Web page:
Screaming quads don’t stand a chance
Five years ago, I decided I wanted to be an ultramarathoner. Or, more precisely, someone who had run an ultramarathon. I had just started as Outside’s Gear Guy and thought that running a 50-mile race would offer an opportunity to test heaps of gear and recovery methods. But I was hasty: I impatiently picked a 50-mile race three months out without ever having run a race in my life.
While I managed to crawl through The North Face Endurance Challenge California, I had to fight through some brutal plantar fasciitis in my right foot that had cropped up in my second week of training. As a nonrunner, I just assumed that ultrarunners existed in some form of perpetual achiness in service to the masochism of the sport and that I was just going to have to deal with the shots of pain working their way through the bottom of my foot and landing like a hot knife in my heel...until a kayaking buddy who works as a massage therapist encouraged me to spend three dollars on a lacrosse ball.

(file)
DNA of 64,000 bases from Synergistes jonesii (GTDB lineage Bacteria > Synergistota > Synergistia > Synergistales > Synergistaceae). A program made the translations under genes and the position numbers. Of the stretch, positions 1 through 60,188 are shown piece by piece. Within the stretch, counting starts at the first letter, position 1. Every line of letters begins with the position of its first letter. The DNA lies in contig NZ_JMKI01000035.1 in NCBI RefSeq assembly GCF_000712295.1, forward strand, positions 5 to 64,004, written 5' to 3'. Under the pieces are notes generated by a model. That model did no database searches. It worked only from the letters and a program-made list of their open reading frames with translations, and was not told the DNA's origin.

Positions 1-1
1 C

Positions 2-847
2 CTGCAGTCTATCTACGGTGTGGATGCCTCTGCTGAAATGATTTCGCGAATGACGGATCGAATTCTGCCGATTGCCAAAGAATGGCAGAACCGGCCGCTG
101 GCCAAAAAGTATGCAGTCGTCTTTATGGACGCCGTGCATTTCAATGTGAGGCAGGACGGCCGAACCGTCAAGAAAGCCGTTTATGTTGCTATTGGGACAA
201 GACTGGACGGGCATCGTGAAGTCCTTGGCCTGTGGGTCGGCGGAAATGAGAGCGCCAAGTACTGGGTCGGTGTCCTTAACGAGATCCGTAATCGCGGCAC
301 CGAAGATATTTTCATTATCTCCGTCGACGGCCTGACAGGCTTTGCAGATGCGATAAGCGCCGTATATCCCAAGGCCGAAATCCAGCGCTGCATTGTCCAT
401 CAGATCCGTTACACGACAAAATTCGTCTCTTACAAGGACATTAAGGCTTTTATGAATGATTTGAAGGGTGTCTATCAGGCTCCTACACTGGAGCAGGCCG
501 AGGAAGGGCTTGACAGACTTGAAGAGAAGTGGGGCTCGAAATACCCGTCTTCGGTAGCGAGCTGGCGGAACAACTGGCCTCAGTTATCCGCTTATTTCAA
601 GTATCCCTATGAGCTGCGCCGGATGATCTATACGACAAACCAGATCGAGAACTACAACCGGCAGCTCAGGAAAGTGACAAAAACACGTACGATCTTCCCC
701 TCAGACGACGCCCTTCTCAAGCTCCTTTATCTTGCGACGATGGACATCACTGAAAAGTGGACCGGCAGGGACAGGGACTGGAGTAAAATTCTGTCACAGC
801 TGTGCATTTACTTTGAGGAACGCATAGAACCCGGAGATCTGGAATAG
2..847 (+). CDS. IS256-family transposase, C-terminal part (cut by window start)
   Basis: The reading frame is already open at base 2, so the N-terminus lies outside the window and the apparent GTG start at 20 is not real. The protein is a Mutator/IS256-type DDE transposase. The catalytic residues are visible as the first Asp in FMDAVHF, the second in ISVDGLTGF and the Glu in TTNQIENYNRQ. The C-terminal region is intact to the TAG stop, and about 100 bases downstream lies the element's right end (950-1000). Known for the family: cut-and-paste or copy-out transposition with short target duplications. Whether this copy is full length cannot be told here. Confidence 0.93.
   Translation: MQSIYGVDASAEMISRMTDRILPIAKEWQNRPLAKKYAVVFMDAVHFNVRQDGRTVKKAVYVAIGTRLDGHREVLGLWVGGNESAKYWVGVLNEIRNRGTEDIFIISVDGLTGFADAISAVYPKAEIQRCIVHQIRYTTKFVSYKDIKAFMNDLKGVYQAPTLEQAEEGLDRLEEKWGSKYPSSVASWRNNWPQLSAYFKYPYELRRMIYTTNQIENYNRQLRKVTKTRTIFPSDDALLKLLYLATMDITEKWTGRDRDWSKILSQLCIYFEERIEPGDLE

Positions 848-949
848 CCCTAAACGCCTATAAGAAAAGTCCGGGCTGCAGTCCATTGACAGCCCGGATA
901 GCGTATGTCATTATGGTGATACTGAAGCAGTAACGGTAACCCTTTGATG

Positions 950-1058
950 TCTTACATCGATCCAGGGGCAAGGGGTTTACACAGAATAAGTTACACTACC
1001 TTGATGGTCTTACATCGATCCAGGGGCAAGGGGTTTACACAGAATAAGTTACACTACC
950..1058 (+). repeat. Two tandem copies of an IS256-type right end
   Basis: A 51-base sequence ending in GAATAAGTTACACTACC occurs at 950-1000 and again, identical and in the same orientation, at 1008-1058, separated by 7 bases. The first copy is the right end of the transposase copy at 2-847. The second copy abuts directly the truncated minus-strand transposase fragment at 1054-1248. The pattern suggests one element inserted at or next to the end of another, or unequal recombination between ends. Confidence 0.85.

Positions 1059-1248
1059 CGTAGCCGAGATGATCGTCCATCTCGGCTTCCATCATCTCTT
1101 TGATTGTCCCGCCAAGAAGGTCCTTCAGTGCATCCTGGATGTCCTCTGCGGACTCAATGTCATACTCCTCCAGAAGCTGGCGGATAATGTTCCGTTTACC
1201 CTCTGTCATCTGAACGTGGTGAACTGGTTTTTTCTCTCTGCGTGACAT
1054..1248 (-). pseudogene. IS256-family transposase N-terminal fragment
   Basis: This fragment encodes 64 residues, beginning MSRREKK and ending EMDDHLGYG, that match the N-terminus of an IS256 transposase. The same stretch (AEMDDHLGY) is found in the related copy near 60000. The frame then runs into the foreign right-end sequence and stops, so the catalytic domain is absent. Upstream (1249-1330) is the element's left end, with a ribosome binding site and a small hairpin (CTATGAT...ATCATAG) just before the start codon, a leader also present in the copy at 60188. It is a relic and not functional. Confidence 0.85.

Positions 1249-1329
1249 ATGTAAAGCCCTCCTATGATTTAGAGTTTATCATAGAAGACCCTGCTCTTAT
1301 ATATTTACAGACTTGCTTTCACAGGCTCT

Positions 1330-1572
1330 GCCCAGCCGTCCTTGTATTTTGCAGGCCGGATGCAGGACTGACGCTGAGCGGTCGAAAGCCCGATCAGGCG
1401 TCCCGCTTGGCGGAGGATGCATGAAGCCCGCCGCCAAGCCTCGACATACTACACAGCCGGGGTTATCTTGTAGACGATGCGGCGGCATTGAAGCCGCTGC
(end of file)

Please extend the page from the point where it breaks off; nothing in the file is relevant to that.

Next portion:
“It is, dare I say, the cure for plantar fasciitis,” he said. “Just roll your foot over it so hard that it hurts.” Since taking his advice, I’ve remained plantar fasciitis–free through thousands of miles. And the lacrosse ball doesn’t work only on my feet; it’s what I grab to work out kinks in my neck when it freezes up, as well as when my hips and hammies scream at me after my first big ski tour of the season.
A lacrosse ball is the duct tape of recovery tools. It’s portable enough to go anywhere and is just the right density to really get in there and work out angry IT bands after tough exercise. But its small size also lets it target and soothe smaller muscles. I’m not saying laying into worked ligaments with a lacrosse ball is a painless method of recovery, but the grimacing is worth it to be able to get up the next day and not have to limp through a run or CrossFit session.
On top of being useful, lacrosse balls are cheap and plentiful. Wander into almost any sporting-goods store and you’ll find one. A fancy vibrating frozen stainless-steel contraption is borderline luxurious, but I’d be out of luck if it were to break or go missing while I’m traveling. If a lacrosse ball rolls away, all I have to do is find the nearest Dick’s Sporting Goods.
You can, of course, use a tennis ball if you don’t want the intensity of rolling out grumpy muscles with a dense, heavy lacrosse ball. But personally, nothing else lets me dig into those angry areas for a deep massage. I guess, like a true ultrarunner, I’ve grown to love the hurt.